Summary: True worship is an encounter with the living God, experiencing God, Praising God, making an offering to God, expressing our love to God, reflecting our devotion to God and ascribing true worth to God.
Worship is the oldest practice in the history of mankind. There is no culture in the history which has not practiced some form of worship. We were created to worship and the essence of worship can be found in the first of the Ten Commandments: “You shall have no other gods before me.” (Exodus 20:3) This actually teaches us three vital truths about worship. First we worship God because he is God. — Against atheism. The first commandment is first because God’s revelation and man’s response are foundational to everything else. Second, God alone is worthy to receive worship — which forbids idolatry. So it requires that all services and acts of worship, which we tender unto the true God, with utmost sincerity, reverence and devotion. Third there is only one God, Maker of heaven and earth. Anything or anyone else claiming the title god is a disgrace. When we give our highest attention or allegiance to anything or anyone other than God, we are worshiping what is false. Since God is the object of our worship, He and He alone have the right to determine how we are to worship Him.
True worship is an encounter with the living God, experiencing God, Praising God, making an offering to God, expressing our love to God, reflecting our devotion to God and ascribing true worth to God. True worship, in other words, is defined by the priority we place on who God is in our lives and where God is on our list of priorities. True Worship is a response to God in which we move in God’s direction. Moreover, we turn towards him, not because we want God to give something to us, but because we want to give something to him. Thus, in addition to responding to God, worship is also making an offering to God. It is giving him something he deserves, whether praise, thanks, adoration and offering. When we worship God, we respond to him by offering what he has allowed us freely and truly to give: our love, our devotion, our praise, our submission, our commitment, our service. To be sure, our ability to make these offerings depends upon God’s initiative, not to mention the help of his Spirit. Yet when we choose to offer what God asks us to give, he is truly worshipped.
We worship God because he is God. True worship is a matter of the heart expressed through a lifestyle of holiness. Worship means “to give honor, homage, reverence, respect, adoration, praise, or glory to a superior being.” God demands worship because He and He alone is worthy of it. He is the only being that truly deserves worship. He requests that we acknowledge His greatness, His power and His glory. The Bible says: Rev 4:11 “You are worthy, our Lord and God, to receive glory and honor and power, for you created all things, and by your will they were created and have their being.” The meaning of the New Testament Greek word most often translated “worship” (proskuneo) is “to fall down before” or “bow down before.” A biblical account of such reference we see in Leviticus 9:24 -- Aaron celebrated his first act of worship as the anointed high priest. Meticulously, he offered the required sacrifices to the Lord. Then the glory of the Lord miraculously appeared to all the people. “Fire came out from the presence of the LORD and consumed the burnt offering and the fat portions on the altar. When the people saw this, they shouted with joy and fell face down on the ground.” (Lev 9:24)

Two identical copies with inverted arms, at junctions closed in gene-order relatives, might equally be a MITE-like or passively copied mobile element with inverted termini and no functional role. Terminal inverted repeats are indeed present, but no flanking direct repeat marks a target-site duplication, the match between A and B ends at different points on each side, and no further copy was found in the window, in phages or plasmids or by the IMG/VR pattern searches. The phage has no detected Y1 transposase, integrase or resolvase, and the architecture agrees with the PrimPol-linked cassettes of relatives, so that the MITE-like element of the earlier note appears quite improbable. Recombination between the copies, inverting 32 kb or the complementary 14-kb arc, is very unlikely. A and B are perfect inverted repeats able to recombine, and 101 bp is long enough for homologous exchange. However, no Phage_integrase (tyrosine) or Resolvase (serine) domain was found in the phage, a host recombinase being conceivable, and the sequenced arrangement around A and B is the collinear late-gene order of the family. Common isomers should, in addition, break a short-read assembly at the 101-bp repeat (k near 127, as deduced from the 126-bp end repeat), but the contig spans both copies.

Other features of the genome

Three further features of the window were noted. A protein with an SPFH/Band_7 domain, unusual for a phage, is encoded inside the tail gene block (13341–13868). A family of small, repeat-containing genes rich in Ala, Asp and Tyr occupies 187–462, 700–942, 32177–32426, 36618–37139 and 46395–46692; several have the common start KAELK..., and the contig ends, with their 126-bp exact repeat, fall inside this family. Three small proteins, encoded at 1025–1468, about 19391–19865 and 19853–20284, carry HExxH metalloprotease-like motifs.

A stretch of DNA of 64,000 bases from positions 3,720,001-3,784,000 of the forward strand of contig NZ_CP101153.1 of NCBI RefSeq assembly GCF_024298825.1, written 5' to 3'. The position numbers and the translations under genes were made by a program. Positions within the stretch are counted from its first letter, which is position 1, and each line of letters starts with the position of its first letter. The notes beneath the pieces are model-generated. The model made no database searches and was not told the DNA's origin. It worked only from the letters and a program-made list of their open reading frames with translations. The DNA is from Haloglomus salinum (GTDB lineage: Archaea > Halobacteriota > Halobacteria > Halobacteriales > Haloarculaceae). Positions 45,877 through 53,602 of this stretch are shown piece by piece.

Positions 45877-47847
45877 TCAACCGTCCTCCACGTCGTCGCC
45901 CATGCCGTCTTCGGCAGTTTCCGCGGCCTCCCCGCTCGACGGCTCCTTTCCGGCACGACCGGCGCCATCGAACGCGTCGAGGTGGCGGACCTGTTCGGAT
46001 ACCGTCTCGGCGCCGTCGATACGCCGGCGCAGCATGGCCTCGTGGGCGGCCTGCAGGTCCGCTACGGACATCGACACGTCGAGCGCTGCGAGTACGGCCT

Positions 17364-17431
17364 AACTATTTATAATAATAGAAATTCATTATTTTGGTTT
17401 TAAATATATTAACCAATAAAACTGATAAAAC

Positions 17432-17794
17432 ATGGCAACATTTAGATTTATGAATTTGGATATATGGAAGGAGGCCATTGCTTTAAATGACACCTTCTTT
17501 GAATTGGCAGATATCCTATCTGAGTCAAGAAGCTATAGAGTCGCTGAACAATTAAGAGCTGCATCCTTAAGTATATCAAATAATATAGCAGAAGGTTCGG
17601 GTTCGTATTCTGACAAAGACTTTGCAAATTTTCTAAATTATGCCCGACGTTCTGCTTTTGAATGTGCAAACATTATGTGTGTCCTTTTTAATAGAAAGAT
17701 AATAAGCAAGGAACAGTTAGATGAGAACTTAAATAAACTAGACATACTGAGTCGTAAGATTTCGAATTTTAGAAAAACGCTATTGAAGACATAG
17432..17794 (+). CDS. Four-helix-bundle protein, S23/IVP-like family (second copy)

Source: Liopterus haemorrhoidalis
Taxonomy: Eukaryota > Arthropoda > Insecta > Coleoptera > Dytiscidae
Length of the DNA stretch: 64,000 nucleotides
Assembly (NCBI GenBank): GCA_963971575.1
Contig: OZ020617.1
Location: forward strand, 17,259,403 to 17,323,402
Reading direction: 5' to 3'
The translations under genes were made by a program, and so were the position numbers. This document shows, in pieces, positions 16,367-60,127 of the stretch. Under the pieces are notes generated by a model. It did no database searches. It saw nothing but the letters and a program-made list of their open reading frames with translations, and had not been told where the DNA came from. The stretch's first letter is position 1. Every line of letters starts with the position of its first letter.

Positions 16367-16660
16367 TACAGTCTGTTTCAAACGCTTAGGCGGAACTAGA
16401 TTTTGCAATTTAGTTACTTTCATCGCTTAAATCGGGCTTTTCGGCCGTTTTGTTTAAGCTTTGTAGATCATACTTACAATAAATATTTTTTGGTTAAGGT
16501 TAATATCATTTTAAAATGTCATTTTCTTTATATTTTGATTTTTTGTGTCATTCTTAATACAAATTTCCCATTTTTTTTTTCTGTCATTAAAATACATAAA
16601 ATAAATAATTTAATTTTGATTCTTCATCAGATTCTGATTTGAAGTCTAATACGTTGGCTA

Here is the fundamental paradigm of biblical worship: bowing down before the Lord in response to his glorious self-revelation. It’s an act of reverence in which we lower ourselves in humility so that God might be lifted up. It’s a gesture of total submission, in which we say: “Lord, you are the King of kings, and I am your humble servant.” Far more than “ascribing worth to God,” biblical worship is a complete devotion of oneself to God. It’s offering more than my praise, however well-intended. The multifaceted nature of God necessitates diverse responses in worship. Because God is a mighty King, we worship with humble submission. Because God is holy, we worship with reverent awe. Because God has saved us, we worship with exuberant thanksgiving. Because God is forgiving, we worship by confessing our sins. Because God is our loving Father, we worship with heartfelt adoration.
Biblical worship is offering completely to God. Whether we actually bow down in worship or not, the core of our worship should be the humble submission of ourselves to God. Our hearts and bodies are connected. What we do with our bodies impacts our hearts, and vice versa. Though it’s possible to worship God fully without ever bowing down but the most important thing in worship is that you offer yourself humbly to God. The heart does indeed matter most. But, at the same time, No matter what I might think with my mind, feel in my heart, and express with my lips, when I put my whole body into communicating something, I’m engaged more completely. And you just might find that your heart follows your body, so that your gesture of worship leads you into even deeper and more heartfelt worship.